Short Stories

the investigator

The smell of death surprised him every time—sweet and pungent in its foulness. Rence stood over the body of Lord Harrison, regarding the pattern of his splattered blood across the slate tiles of the monastery. Beside the body was a pistol—a relatively new model by the looks of it. Pinched between his gloved thumb and forefinger, Rence lifted it from the pooled blood, the barrel cold and greasy. It was a decorative thing: a three barrelled flintlock with brass mechanism and an ornately carved ivory grip. A curious smile crept across his lips.

This was a rich man’s weapon.         

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Blog, Gardens of War & Wasteland

what you need to know about gardens of war & wasteland: the ruptured sky

So I’ve finished my novel. Now what?

While I sit and wait for feedback from my beta readers, I’ve put together a comprehensive guide to the world of Whyt’hallen and everything you need to know about the upcoming Gardens of War & Wasteland Book I: The Ruptured Sky.

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Short Stories

the dreambound tree

Memories define our sense of place.  Friends and family do too.
And sometimes, perhaps, a bit of magic

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By the time I was thirteen, I knew I was too old to be sleeping in Mum’s bed. But that didn’t stop me crawling in beside her on that two-inch thick fold-out mattress every second night when I woke slick with sweat from a nightmare.

‘Try to go back to sleep, Maddie,’ Mum’d coo and kiss my hair even though we both knew we’d lie there awake until the alarm chimed at three-thirty and it was time for her to get up for work.

 I never lived in a normal house. Well, I did—once. But I hadn’t since I was seven and we didn’t talk about it or actively remember anything of the life before we left. Since then it’s been caravans or share houses; granny flats in someone’s backyard; or a refurbished old shearer’s shed like the place where we lived now. Mum always told me to be grateful because it was the kindness of strangers and her hard work that kept me clothed and sheltered.

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Short Stories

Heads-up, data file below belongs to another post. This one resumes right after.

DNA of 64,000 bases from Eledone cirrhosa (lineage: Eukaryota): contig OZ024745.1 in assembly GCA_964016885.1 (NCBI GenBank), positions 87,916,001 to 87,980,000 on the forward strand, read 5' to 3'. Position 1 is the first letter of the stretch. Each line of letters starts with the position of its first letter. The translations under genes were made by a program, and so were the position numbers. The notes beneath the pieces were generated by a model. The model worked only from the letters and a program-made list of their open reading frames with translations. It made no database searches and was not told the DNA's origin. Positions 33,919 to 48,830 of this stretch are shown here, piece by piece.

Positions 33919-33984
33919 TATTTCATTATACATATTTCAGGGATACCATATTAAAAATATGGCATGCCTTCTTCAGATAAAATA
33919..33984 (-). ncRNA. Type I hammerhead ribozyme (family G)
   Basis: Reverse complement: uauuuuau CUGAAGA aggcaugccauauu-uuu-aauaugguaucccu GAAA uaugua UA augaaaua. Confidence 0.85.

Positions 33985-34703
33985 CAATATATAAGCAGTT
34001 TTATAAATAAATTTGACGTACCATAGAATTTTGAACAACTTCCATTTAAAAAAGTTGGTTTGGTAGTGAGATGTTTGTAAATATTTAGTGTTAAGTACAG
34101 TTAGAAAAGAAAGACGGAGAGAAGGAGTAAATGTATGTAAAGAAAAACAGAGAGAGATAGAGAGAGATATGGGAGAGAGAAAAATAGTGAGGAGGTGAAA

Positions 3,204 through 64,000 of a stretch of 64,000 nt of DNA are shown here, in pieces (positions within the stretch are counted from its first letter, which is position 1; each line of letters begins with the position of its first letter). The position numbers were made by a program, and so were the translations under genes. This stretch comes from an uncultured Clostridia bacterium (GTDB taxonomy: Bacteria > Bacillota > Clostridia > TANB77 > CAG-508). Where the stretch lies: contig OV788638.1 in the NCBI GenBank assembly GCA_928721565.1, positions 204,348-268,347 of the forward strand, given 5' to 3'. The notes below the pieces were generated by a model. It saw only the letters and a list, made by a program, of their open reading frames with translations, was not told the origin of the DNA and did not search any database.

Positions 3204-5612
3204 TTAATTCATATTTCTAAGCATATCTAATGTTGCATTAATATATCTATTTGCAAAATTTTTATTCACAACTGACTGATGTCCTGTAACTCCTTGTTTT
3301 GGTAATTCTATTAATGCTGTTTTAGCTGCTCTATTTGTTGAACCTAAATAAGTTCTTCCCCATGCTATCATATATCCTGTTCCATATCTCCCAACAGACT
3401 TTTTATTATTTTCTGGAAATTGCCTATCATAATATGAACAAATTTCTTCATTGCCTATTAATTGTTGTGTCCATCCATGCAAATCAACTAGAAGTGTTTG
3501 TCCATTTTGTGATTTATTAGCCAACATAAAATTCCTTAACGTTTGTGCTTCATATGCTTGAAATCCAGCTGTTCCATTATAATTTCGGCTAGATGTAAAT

the carpet cleaner

Robert liked his job. Well, most of the time. He didn’t like going to uni student share houses to leech booze and dried vomit off every plush surface the day before a rental inspection; and he didn’t like going to Ms McTavish’s place because she had ten cats and let them pee on the carpet until it was sodden and the house smelt like piss long after he’d shampooed and shampooed it again. He also didn’t like nursing homes, because it was too hard seeing people not that much older than he with defeated expressions on their sunken faces, confined to beds, stuck full of tubes and left to stare at the empty visitors’ chairs in their room all day. No, he didn’t like that at all. As with anything, there were good clients and bad, and the one client Robert loved, more than anything, was Mrs Lavingston. 

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Book Reviews

the raven cycle

Never had I been so invested in a group of teenagers until I met Blue and her Raven Boys.

Ah, Maggie Stiefvater and The Raven Cycle.

Where do I begin without obscenely gushing all over the place? This series has raised the bar for YA fiction and given me a love for the genre which was previously only an occasional interest. Having annihilated all four books in the space of a month—a truly astounding feat for turtle-reader me—it’s safe to say The Raven Cycle shot straight to the top of my favourites and Stiefvater has well asserted herself as one of the premier authors of YA fiction.

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Short Stories

aunty mim’s lost & found

Miriam Sykes had been called many things and not all of them were kind. A witch, a gypsy. Hermit. Lunatic. Satan. But Miriam Sykes was just a woman—a woman who was very good at finding things.

Miriam lived a good twenty minute walk from Sturtville station. Trains didn’t stop there anymore. Well, not trains for moving people anyhow. There weren’t many people left to move in bum-fuck nowhere South Australia. That’s what my brother called Sturtville: bum-fuck nowhere. He wasn’t exactly wrong. Sturtville consisted of opal miners, a high school of about fifty kids, a Woolies, and one sad little servo that sold over-priced fuel. That was our town. Village. Hole-in-the-ground. We didn’t have a lot in Sturtville (more than one doctor, for example) but there was one thing we had that no other place in Australia did. And that was Miriam Sykes.

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Blog

the year that was & the year that will be

And so 2017 draws to a close. I for one can not be more relieved.

This year has been a tumultuous one indeed: I moved countries, got married, began a new day-job, bought my first car, and moved again (domestically this time); I said goodbye to my Grandmother, a second mother who raised me alongside my own; and lost two public figures (Chester Bennington and Kim Jonghyun), who have been a source of love, comfort and inspiration, to this terrible illness called depression, of which I also chronically suffer. It really has been all over the place—I have been all over the place. Personal rollercoaster aside, though, and my writing career(?) has been a pleasantly stable fixture. Let’s take a look.

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